Receiving an eviction notice is usually a cause for panic. Worrying about finding a new place, and doing it immediately, is difficult to deal with. The anger and frustration at the situation, and especially at your landlord, can lead to rash decisions. Instead of doing something you might regret, fight the eviction! You have the right to fight an eviction in court. Even if it is not overturned, you can buy yourself some time to find a new place to live.
- The first step to fighting an eviction is to review your lease. While you may feel the eviction is unjust, make sure you did not violate your lease agreement. Be honest with yourself here. You will save a lot of time and money if you are willing to admit that your landlord is right. However, even if you did violate your agreement, you can still fight the eviction, especially if your landlord has violated the agreement him/herself.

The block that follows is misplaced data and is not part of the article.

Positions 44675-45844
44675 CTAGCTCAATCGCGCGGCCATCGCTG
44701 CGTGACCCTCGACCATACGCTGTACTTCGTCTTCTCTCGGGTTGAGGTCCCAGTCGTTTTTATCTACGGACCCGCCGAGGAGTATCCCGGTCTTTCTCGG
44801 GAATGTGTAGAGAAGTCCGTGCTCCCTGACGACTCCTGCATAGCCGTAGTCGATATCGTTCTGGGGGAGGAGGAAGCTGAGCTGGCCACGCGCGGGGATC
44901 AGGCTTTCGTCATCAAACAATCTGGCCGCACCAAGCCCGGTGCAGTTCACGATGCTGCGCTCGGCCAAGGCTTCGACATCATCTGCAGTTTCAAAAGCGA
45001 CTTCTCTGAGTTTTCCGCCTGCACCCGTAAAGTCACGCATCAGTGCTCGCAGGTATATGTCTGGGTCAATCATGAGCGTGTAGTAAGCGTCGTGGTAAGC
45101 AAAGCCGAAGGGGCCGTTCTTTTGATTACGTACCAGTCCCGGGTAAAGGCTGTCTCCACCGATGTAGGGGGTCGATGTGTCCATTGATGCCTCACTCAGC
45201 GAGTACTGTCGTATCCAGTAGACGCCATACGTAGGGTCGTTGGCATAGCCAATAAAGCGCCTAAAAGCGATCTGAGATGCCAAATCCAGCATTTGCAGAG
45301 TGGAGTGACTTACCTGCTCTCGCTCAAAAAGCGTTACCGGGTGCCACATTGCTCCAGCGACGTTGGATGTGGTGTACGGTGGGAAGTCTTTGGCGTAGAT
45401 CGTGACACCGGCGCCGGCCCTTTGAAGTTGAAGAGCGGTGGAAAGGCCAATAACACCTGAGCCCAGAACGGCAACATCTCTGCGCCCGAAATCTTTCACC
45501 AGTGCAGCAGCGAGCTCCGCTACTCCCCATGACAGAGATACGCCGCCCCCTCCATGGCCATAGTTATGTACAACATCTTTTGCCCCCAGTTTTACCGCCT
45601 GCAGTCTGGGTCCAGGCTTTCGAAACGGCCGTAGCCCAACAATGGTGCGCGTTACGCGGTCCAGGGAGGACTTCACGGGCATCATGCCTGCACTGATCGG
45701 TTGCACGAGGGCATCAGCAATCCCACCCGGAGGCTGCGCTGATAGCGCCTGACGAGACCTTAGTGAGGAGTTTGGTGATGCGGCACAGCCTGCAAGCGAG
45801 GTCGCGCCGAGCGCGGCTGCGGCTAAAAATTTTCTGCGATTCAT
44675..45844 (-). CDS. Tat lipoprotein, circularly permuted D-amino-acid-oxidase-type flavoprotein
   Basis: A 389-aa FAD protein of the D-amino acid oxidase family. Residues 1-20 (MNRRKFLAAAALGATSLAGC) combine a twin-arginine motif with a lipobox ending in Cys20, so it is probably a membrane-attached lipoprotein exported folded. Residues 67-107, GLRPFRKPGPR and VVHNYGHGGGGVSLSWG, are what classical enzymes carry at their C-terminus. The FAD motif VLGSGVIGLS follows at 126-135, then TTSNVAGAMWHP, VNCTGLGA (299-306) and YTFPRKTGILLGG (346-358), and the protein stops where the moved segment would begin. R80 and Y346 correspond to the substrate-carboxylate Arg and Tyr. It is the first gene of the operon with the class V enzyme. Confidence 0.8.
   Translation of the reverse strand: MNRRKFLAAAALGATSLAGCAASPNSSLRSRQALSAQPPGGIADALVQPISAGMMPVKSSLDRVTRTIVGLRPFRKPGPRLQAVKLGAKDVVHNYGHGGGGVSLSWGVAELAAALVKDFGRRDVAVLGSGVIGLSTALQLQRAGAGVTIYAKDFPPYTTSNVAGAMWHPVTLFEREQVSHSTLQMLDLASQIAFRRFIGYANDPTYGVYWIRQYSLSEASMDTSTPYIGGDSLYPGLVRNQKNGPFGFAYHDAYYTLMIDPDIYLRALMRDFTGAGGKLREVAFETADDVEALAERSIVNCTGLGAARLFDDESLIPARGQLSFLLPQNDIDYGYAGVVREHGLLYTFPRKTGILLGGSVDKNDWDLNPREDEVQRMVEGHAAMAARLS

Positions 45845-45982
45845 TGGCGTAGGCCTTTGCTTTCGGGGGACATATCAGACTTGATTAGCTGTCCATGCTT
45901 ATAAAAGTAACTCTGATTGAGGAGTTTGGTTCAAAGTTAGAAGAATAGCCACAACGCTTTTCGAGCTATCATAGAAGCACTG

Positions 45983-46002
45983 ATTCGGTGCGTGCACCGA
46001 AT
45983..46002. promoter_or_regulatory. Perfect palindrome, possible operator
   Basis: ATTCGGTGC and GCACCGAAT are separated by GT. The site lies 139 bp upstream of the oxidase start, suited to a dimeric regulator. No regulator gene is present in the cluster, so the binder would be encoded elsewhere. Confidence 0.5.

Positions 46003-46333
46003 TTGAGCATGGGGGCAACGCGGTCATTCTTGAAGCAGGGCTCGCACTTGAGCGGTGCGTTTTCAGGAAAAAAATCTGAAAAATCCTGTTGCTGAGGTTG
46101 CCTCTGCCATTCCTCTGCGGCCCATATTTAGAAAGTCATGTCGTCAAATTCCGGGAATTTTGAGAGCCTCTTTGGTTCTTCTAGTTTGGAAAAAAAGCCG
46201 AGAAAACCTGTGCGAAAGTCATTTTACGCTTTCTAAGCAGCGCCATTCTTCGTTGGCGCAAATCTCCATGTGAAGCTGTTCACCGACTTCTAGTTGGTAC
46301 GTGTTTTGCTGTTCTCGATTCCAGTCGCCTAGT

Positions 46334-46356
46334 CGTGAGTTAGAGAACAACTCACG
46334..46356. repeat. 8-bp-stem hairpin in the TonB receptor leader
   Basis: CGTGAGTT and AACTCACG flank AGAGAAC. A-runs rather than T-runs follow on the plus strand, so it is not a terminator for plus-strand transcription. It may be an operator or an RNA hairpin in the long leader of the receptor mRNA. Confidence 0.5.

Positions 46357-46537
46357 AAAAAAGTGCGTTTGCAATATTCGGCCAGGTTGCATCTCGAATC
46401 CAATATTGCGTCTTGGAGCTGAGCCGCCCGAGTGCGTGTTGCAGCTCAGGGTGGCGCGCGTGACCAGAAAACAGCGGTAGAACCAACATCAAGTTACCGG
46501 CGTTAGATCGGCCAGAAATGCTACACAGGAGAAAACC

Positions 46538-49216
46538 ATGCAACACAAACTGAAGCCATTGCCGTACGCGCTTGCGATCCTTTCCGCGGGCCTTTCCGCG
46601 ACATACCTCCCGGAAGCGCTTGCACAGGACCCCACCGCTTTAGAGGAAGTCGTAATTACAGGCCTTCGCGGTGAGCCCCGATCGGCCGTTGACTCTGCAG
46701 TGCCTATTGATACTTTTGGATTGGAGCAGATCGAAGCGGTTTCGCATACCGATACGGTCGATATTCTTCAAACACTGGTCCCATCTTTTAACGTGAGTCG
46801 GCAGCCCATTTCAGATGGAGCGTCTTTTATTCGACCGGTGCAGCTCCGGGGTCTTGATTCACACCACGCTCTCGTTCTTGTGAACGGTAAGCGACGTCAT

- The next step in fighting an eviction is to research the eviction laws in your state. Eviction laws vary by state, and you will need to find out if the reason given for your eviction violates those laws. Search online for "eviction in [Your state]."
- Alternately, or secondly, consult a real estate lawyer that specializes in tenant-landlord law. If an attorney feels the laws have been broken, you will need to hire one because fighting an eviction is not something to do without legal help. Your landlord will almost certainly have an attorney and you should too. Be sure to check your lease for a provision on who pays the legal fees for any legal dispute.
- Before your court date, collect any and all paperwork relevant to your case. Obtain a copy of your lease, canceled rent checks, letters, notices, announcements and any other communications to and from your landlord. Your attorney may also ask for other evidence, paperwork or any witnesses to your situation in order to bolster your case.
It is possible to fight an eviction, and you have every right to do so. With the right attorney, the proper evidence and a good case, you may win, and continue to live in your current residence. However, you may want to find another place to live anyway, because the landlord-tenant relationship will never be the same after you fight an eviction.